Fresh-baked tiropita in a spiral


Tiropita, cheese pie, is not a dish I am usually interested in, and filo dishes in general are not what I get excited about. The exception to this is the round tiropita served in Skopelos. A long strand of cigar-shaped dough is wrapped around the filling and then wrapped around itself in a circle until it fills a plate, something that makes a moister dish than when it's layered, with a happier proportion of filling to filo. In Skopelos these round tiropitas are often cooked on top of the stove in a frying pan or on the griddle in a café, but they can be done in the oven as well. I’m giving the oven recipe, because everyone here has ovens, unlike in Greece, and I find it works nicely.

The circular version is a bit of a mystery to me, because although recipes and websites have you piecing together individual rolls of filo and winding them in a circle, this technique kind of blobs up more filo than there is in the actual Skopelos version. On the other hand, it works, and it gives you a circle. I have seen a YouTube version where a country woman rolls out one large (as in huge) circle of dough that then gets filled and tossed skillfully into place, and I can’t imagine even trying that myself, though I am a pretty experienced cook. If you don’t want to try the circle, which is eaten, shared or alone, by unwinding the circle from the outside in, make little S shapes for individual, appetizer-sized servings, which I like to do because, well, I can. And I tell myself that maybe it gives a bit more crisp on the outsides.

Here's my best approximation of the Skopelos pie. A pastry brush is pretty useful here. This recipe makes approximately eight servings. The round pie pictured at the top of the page is made from half a recipe, four sheets of filo, and could feed four as part of an appetizer course.

For the filling

And the filo

* The tricky part of working with filo is that it becomes brittle when it’s left out in the air, even for a minute. Work with one sheet at a time, buttering (or oiling), filling it and rolling it up quickly, while the rest of the filo sheets are kept rolled and covered, traditionally done with a damp kitchen towel.

  1. Preheat the oven to 400 and spread or brush a tablespoon of oil/melted butter on a large baking sheet.
  2. Combine the feta, yogurt, and eggs just until smooth. You can use a blender or a food processor, or force the feta through a fine sieve, or crumble as finely as possible with your fingers and then combine with the yogurt and eggs, stirring until smooth.
  3. To assemble the tiropita, open a filo sheet out flat.
    If you’re making the round pie: With a knife or a pair of scissors, cut a strip of filo an inch wide off the first sheet, roll the strip back up gently and place it back under the damp towel. This will be used later to piece the long tiropita together.
  4. Brush the filo sheet with a teaspoon of the oil or melted butter.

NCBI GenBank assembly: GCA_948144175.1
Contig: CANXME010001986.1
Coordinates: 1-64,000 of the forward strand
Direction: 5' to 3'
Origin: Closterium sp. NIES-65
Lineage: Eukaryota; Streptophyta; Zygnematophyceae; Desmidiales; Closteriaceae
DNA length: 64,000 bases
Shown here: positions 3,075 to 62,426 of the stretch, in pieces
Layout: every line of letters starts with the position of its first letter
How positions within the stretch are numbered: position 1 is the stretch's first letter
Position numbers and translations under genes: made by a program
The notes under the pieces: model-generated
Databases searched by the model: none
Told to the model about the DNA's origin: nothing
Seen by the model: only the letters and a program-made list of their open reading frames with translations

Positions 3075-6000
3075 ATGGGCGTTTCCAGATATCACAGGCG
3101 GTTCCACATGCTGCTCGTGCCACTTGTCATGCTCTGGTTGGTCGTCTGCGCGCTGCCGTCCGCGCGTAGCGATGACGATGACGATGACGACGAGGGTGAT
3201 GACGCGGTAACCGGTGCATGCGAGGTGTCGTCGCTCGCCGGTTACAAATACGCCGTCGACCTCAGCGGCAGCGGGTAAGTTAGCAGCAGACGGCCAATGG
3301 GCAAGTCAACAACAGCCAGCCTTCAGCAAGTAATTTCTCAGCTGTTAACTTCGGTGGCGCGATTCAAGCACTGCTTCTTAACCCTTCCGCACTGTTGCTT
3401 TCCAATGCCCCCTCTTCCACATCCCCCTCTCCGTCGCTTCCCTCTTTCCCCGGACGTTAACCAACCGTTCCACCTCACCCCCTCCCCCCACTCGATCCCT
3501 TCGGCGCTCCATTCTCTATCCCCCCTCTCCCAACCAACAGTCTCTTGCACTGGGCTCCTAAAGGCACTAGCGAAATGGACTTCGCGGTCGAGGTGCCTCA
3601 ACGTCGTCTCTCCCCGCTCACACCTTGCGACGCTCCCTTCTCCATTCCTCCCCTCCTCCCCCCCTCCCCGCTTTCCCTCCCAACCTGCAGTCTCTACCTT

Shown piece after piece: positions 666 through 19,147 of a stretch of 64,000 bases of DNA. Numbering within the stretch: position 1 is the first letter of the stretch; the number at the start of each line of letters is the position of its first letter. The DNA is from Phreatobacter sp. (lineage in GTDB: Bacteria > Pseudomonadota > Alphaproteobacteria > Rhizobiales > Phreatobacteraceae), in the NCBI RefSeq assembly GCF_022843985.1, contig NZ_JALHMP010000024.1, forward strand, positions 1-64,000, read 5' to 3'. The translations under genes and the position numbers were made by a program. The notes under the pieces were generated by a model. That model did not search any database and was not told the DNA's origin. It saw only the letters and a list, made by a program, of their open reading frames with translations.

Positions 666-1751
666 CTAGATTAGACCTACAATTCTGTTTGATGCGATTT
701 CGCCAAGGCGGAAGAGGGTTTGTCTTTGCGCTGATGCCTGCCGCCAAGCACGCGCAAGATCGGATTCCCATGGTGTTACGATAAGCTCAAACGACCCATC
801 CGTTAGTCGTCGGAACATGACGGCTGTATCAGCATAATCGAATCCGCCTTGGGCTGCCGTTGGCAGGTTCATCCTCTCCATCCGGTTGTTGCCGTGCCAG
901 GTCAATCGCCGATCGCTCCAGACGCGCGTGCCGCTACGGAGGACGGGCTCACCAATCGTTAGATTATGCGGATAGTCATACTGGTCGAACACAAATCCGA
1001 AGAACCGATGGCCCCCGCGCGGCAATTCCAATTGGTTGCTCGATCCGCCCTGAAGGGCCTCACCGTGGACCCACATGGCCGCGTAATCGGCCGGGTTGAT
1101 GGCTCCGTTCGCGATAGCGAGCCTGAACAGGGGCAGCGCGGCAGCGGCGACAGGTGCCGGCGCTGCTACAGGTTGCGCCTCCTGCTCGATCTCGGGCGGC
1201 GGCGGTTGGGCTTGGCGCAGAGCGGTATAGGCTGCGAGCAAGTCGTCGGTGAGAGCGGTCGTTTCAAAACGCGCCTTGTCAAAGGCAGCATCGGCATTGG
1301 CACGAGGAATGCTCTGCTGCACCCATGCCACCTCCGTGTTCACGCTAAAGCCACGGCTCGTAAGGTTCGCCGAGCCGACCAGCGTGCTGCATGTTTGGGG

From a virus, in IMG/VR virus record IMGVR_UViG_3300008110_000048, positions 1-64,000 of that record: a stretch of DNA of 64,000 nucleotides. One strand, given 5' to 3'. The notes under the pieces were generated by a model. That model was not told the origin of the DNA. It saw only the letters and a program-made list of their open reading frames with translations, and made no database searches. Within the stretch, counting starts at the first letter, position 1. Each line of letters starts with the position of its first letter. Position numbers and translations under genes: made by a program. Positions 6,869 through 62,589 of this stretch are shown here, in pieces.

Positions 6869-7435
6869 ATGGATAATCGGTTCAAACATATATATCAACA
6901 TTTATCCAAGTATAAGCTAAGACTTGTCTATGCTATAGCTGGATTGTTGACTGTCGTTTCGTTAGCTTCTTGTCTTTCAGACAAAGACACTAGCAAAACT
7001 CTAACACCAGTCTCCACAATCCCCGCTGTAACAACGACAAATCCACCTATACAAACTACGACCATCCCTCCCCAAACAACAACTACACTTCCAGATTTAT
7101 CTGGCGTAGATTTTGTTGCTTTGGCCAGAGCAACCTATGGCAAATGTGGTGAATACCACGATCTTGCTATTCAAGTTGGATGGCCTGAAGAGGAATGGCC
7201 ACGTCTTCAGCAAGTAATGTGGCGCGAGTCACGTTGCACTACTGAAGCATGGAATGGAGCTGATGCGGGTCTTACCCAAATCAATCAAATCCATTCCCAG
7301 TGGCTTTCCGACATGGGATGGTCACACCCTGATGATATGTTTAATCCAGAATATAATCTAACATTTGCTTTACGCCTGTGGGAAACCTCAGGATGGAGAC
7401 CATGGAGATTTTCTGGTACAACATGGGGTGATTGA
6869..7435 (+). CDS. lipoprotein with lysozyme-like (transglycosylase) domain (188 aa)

5. Fold it in half carefully, widthwise, so that the previously long edge is now the shorter one. For the round pie, immediately take a second sheet of filo, brush with oil/butter, fold it in half the same way, and lay it next to the first half with the short ends overlapping slightly.
  6. Again, brush the top (of each sheet) with a half teaspoon of oil/butter.
  7. Place a line of the cheese mixture along the long side of the rectangle, starting about a half inch from the end and finishing about a half inch from the other end. If you like using a pastry bag, use a 13-inch plain tip. Or, just use a spoon and your finger, making the line about a third of an inch wide. This recipe is for 8 pieces of filo, so use about an eighth of the mixture per sheet.
  8. Starting from the filled end, roll the pastry into a narrow cylinder and then brush it lightly but evenly with oil/butter.
  9. Repeat until all the sheets are finished and you have either 8 shorter cylinders or 4 longer ones.

For S Shapes

Gently curl one end around once or twice, up to the middle of the cylinder, and brush it with butter/oil. Curl the other end around once or twice in the opposite direction to make an S-shaped spiral and brush that part with butter/oil. Use a spatula to transfer the filled cheese roll to a baking sheet. Repeat, lining the rolls up side by side on the sheet.

Bake for twenty minutes, until golden brown and crisp.

For a Round Pie

Place one of the pieces in the center of the buttered baking dish and wrap it around itself like a snail. Place a second piece right next to it, cut a piece from the strip of filo you cut and saved earlier, and wrap it around the two pieces, binding them together, and then continue wrapping the tiropita around itself, repeating the connecting strips for the next two pieces, so that you have one long coiled pastry cylinder. Don’t worry if it seems imperfect. It is, but if handled carefully, gravity and butter (or oil) will keep it together. Brush the whole thing lightly with butter/oil, bake for about 25 minutes until brown and crisp, and slide it carefully onto a serving dish.

Fresh-baked tiropita in S-shapes


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